Another instance of poor proportioning or grading; I tried a tank top once. The shoulder area, what would be the “strap” of the top, from the bottom of the armhole to the shoulder seam, was simply elongated for each size; it was about 4.5 inches for the smallest size (I think a 2) and was over 14 inches long for the largest size, on the front bodice. (Yet the width of the strap was not changed, so bad proportions again.) Well that’s far too long; yes since I’m sewing it I can change it, and maybe it was meant to be a low-cut armhole. But to me it shows they have no concept of sizing or grading (not that I’m an expert); sleeveless garments should have a fairly high-cut armhole to my mind. But I feel they aren’t thinking, and are making the same mistakes that clothing manufacturers do – just making it bigger all over for bigger sizes.

As I understand the principle, the shoulder, that “saddle” that is made up of the armscye and shoulder area, thus the use of an under-bust measurement for size selection, that area doesn’t change that much between sizes, so making widely different sizes for that area is not correct. I could be wrong, but since I almost always have to reduce the shoulder area in indie patterns, I may not be entirely wrong.

In contrast, with Big 4 patterns that have certain details (Simplicity 1460 comes to mind with its scalloped neckline) they are proportioned and graded for, if not each size, then for maybe only two sizes. So instead of a single pattern piece with say, all five sizes, you’ll have three, or even five different pieces.

Speaking of adjustments, I have always have a hard time making adjustments to indie patterns. With a Big 4 pattern, I almost don’t have to make a muslin, just do my FBA, adjust the back waist and I’m within a half inch of a good fit. With indie patterns, it was always a struggle. I would check to see what their cup size was, alter my FBA to accommodate it, and still have to do a further FBA; or shoulder adjustments; reduce the armhole; use a two-piece sleeve; add lots of darts at the waist; yeah, most people who sew have to make these kinds of adjustments anyway – no pattern is perfect! But even with all these adjustments, indie patterns still didn’t look well or fit right. I simply don’t have these struggles with Big 4 patterns.

Another thing about indie patterns – and this is a personal peeve so more salt – they are usually very simple. I mean very. Don’t misunderstand me, we all want a simple pattern sometimes; we need a quick make, or have a fabulous print to play up; or we’re just starting out, or it’s our first pattern of a particular type and too many details will add frustration. And I think for beginner pattern makers, simple is where they’re going to start. But very few seem to graduate to anything more complex. Maybe they’re catering to their market, maybe they don’t want to make more complex patterns; but at some point, I believe a sewer should move forward in their education, experience and ability. Or at least be able to if they want. And this point touches on two other peeves of mine – how we teach sewing and the lack of advanced sewing education – but again, another story for another time. For me, the Big 4 offer a range of styles and levels of complexity; if I want to tackle a challenging project to improve my skills, I can.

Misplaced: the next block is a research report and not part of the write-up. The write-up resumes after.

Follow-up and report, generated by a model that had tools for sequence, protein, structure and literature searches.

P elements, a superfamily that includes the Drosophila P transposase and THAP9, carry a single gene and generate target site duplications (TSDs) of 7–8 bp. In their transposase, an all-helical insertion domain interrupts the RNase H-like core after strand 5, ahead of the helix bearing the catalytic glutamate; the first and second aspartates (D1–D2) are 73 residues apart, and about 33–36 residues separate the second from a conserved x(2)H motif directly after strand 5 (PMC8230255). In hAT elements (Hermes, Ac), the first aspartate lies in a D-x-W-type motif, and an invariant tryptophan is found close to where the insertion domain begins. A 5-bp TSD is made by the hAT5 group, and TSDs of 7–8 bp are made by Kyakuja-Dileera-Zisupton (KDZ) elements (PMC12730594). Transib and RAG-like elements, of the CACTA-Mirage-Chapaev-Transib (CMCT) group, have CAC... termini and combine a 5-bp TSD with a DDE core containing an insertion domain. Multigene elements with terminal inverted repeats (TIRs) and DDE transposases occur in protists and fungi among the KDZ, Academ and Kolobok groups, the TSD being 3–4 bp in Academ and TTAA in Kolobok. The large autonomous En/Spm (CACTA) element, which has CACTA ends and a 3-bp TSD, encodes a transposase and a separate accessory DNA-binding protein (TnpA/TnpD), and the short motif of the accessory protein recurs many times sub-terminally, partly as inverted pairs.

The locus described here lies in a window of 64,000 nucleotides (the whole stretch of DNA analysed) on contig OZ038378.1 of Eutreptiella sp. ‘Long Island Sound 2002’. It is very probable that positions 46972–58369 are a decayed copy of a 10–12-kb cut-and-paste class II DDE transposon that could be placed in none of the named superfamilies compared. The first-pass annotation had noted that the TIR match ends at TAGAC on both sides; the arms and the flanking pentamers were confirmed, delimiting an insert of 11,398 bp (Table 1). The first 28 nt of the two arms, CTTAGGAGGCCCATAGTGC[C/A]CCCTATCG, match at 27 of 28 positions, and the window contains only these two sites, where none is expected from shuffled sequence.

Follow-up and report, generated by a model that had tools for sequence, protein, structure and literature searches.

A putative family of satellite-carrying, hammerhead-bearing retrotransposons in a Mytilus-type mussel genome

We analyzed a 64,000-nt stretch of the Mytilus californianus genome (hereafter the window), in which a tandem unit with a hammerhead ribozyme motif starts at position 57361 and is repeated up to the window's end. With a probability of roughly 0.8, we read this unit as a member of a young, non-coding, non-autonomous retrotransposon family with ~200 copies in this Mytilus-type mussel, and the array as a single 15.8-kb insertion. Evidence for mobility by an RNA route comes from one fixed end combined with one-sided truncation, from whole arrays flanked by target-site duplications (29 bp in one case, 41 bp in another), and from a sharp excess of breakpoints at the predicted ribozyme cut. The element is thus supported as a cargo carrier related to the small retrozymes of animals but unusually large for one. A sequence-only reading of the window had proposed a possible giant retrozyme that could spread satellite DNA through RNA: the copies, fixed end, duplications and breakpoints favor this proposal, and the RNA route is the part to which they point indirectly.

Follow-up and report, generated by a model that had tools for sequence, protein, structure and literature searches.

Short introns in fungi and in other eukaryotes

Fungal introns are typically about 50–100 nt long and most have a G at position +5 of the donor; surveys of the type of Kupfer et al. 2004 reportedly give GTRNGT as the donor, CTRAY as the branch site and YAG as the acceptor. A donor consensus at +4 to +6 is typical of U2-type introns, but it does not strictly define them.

But there are good things about indie patterns, as advocates on Pattern Review and other spaces have noted. The first being the size range, and consideration for larger, curvier bodies. Second is PDF’s – they’re available to anyone with an internet connection (just because I don’t like them doesn’t mean they’re wrong.) And they have more and different (some call it better) instructions, as well as lots (lots) of social media support. I think calling indie instructions better than Big 4 is a misunderstanding (yet another story for another time!), but the person making the argument was a much more experienced sewer and teacher than I am, so I defer to their judgement on this one.

Well there we are, my thoughts on sewing patterns – that was long! And if you’re still with me, thank you for reading! Take care and see you at the next post….

Leave a Reply

Fill in your details below or click an icon to log in:

WordPress.com Logo

You are commenting using your WordPress.com account. Log Out /  Change )

Google photo

You are commenting using your Google account. Log Out /  Change )

Twitter picture

You are commenting using your Twitter account. Log Out /  Change )

Facebook photo

You are commenting using your Facebook account. Log Out /  Change )

Connecting to %s